"I am honored to be included in the Legislative Women's Caucus's Breaking the Glass Ceiling ceremony," says Arnold. "It is important for people to know that there is a place for women in science and that female scientists are appreciated for their role in society."

Arnold will be among a small group of women so honored. According to the Legislative Women's Caucus, the Breaking the Glass Ceiling ceremony commemorates "influential women who have made an incredible contribution to California and have inspired women and girls here and beyond."

Arnold is the Dick and Barbara Dickinson Professor of Chemical Engineering, Bioengineering and Biochemistry at Caltech. Her "directed evolution" research has led to the creation of biological catalysts that are useful in the production of biofuels and chemicals from renewable resources.

Arnold has won numerous awards. In December, she was named by the White House as a recipient of the 2011 National Medal of Technology and Innovation. President Barack Obama presented Arnold with her medal in a ceremony in the East Room of the White House on February 1.

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John Bercaw Wins 2012 Tolman Medal in Chemistry

The Southern California Section of the American Chemical Society (SCALACS) has selected John E. Bercaw, the Centennial Professor of Chemistry at Caltech, to receive the 2012 Tolman Medal.

According to SCALACS, the Tolman Medal honors chemists for "achievements in fundamental studies; achievements in chemical technology; significant contributions to chemical education; or outstanding leadership in science on a national level." Awardees need not be residents of Southern California, but their award-related accomplishments must have been made here.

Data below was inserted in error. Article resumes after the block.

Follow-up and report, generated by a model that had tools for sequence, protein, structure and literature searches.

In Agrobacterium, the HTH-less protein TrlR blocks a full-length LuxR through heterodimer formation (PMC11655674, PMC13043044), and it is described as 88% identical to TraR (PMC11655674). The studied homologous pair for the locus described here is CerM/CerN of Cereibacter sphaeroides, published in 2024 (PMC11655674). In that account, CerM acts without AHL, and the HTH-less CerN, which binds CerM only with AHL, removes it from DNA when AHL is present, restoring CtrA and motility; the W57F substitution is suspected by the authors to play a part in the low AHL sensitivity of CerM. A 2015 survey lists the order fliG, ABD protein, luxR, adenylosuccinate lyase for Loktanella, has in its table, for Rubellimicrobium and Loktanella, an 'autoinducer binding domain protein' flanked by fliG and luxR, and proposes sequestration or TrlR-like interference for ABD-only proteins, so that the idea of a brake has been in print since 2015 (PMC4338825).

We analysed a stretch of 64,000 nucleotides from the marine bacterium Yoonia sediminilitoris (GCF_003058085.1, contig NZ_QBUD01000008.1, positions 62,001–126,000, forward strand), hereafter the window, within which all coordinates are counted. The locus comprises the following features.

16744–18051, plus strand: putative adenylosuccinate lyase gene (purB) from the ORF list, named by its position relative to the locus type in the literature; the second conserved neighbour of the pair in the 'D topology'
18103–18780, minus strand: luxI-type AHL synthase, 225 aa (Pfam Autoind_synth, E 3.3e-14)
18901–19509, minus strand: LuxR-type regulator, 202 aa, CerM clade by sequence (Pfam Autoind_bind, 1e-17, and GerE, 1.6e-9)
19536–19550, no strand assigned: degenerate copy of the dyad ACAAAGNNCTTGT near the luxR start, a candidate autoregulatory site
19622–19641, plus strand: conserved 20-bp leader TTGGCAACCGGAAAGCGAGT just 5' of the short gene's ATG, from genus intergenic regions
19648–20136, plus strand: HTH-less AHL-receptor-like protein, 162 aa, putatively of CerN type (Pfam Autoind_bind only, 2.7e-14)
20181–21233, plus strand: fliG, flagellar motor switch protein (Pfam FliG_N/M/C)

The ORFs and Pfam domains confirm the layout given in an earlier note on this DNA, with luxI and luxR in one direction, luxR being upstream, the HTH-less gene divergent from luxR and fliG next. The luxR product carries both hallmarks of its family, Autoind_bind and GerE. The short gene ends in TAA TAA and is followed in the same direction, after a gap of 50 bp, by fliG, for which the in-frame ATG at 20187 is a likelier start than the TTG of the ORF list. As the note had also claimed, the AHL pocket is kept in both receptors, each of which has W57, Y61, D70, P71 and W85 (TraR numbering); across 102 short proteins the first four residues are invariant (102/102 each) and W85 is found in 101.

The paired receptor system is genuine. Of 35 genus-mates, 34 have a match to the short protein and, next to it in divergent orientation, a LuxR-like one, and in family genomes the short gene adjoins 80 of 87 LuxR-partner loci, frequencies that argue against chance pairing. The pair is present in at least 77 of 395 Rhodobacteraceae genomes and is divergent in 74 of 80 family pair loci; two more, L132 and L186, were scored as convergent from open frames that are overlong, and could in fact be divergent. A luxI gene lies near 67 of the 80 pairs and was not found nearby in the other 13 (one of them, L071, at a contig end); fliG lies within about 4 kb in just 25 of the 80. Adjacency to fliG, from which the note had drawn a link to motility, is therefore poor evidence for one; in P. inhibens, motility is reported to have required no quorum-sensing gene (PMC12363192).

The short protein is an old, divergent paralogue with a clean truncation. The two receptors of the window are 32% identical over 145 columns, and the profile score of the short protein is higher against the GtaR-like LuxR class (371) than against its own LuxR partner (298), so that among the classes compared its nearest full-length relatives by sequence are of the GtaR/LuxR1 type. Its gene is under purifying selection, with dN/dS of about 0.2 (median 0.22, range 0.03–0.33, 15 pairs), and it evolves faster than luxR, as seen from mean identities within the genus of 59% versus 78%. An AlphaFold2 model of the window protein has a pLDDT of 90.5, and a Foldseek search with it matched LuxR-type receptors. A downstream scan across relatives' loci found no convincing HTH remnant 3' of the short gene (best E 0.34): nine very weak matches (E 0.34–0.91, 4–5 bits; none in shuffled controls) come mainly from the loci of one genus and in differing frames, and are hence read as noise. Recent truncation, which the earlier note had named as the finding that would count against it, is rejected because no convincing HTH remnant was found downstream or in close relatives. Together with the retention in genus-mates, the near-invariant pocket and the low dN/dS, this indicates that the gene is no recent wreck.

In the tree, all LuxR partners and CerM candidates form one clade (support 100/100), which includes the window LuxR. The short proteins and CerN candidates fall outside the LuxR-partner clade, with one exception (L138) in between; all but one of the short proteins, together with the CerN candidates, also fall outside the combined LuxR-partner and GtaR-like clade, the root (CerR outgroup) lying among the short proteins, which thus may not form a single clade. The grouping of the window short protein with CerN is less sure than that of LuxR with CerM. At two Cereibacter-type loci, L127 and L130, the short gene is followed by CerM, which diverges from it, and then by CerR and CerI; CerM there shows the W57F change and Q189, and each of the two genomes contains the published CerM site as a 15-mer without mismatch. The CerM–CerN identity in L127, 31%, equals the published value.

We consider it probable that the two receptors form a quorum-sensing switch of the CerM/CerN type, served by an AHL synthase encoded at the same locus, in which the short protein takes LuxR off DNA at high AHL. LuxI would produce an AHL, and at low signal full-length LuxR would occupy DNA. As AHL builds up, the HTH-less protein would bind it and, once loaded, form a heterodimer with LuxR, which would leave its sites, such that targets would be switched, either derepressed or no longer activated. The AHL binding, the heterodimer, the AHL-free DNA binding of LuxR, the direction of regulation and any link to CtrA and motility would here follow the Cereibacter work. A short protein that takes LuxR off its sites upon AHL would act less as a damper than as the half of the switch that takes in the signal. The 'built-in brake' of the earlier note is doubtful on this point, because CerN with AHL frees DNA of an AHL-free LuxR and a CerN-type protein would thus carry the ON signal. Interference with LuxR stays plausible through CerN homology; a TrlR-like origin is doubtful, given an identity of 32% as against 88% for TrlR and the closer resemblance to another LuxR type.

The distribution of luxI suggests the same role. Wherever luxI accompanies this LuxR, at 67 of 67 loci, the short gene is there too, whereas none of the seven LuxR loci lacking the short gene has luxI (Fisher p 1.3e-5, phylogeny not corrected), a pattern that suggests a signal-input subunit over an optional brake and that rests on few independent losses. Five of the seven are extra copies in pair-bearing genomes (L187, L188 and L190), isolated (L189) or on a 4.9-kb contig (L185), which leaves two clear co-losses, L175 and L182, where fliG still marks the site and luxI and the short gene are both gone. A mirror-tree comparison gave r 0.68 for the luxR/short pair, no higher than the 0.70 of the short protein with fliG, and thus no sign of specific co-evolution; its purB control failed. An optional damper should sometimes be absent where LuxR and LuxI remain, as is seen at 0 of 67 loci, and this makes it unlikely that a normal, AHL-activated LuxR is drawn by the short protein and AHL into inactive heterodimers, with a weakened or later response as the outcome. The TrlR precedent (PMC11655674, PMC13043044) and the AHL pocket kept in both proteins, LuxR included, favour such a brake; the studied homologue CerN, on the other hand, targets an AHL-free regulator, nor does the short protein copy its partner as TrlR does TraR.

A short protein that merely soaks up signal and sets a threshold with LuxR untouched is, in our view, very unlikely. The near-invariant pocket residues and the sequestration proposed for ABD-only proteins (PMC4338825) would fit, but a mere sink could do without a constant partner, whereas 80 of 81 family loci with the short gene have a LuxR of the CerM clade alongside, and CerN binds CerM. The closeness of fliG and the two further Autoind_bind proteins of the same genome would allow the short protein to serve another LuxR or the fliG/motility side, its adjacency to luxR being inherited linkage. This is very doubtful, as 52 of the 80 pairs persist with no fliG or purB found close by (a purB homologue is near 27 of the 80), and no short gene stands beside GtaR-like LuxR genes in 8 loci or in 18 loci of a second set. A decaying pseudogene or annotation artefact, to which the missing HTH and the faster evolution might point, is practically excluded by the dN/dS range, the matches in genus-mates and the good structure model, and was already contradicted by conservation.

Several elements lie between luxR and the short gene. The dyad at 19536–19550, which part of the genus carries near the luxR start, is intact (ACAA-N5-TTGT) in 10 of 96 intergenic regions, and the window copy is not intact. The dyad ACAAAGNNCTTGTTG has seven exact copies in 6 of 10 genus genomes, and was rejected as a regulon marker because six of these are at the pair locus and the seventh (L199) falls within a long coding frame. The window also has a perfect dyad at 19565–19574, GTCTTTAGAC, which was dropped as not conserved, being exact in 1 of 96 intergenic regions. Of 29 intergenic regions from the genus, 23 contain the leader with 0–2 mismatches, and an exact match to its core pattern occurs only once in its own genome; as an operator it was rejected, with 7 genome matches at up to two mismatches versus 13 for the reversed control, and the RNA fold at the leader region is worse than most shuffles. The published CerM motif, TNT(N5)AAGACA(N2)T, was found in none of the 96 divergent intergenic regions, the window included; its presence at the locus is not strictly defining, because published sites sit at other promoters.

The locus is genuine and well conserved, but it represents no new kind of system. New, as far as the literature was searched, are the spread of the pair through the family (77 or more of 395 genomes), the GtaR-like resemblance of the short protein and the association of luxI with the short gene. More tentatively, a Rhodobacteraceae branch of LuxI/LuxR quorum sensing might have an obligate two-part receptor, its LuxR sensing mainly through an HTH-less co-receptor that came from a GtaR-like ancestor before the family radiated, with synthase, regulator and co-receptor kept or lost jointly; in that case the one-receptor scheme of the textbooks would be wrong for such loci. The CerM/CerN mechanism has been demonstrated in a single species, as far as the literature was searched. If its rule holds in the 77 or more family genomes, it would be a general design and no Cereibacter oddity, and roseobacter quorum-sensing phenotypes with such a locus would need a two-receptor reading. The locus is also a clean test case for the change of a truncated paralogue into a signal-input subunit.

"I am very honored to have been selected to receive the Tolman Medal," says Bercaw. "Awards such as the Tolman Medal help to inspire chemists to explore new areas of research and to help their fellow scientists."

Bercaw's research group at Caltech focuses on the development of new catalysts for producing polymers, fuels, and commodity chemicals. His group works in the area of organotransition metal chemistry and prepares new compounds, investigates their chemical reactivity, and defines the fundamental mechanisms by which they react. Bercaw's research has led to new catalysts that have been adopted by industry for producing new and improved polyethylenes, as well as to catalysts for upgrading plentiful molecules such as methane or other light hydrocarbons to produce gasoline or diesel fuel.

"As our fossil fuel resources dwindle, it is imperative that we find more efficient and greener ways to convert them into transportation fuels and materials such as plastics," says Bercaw.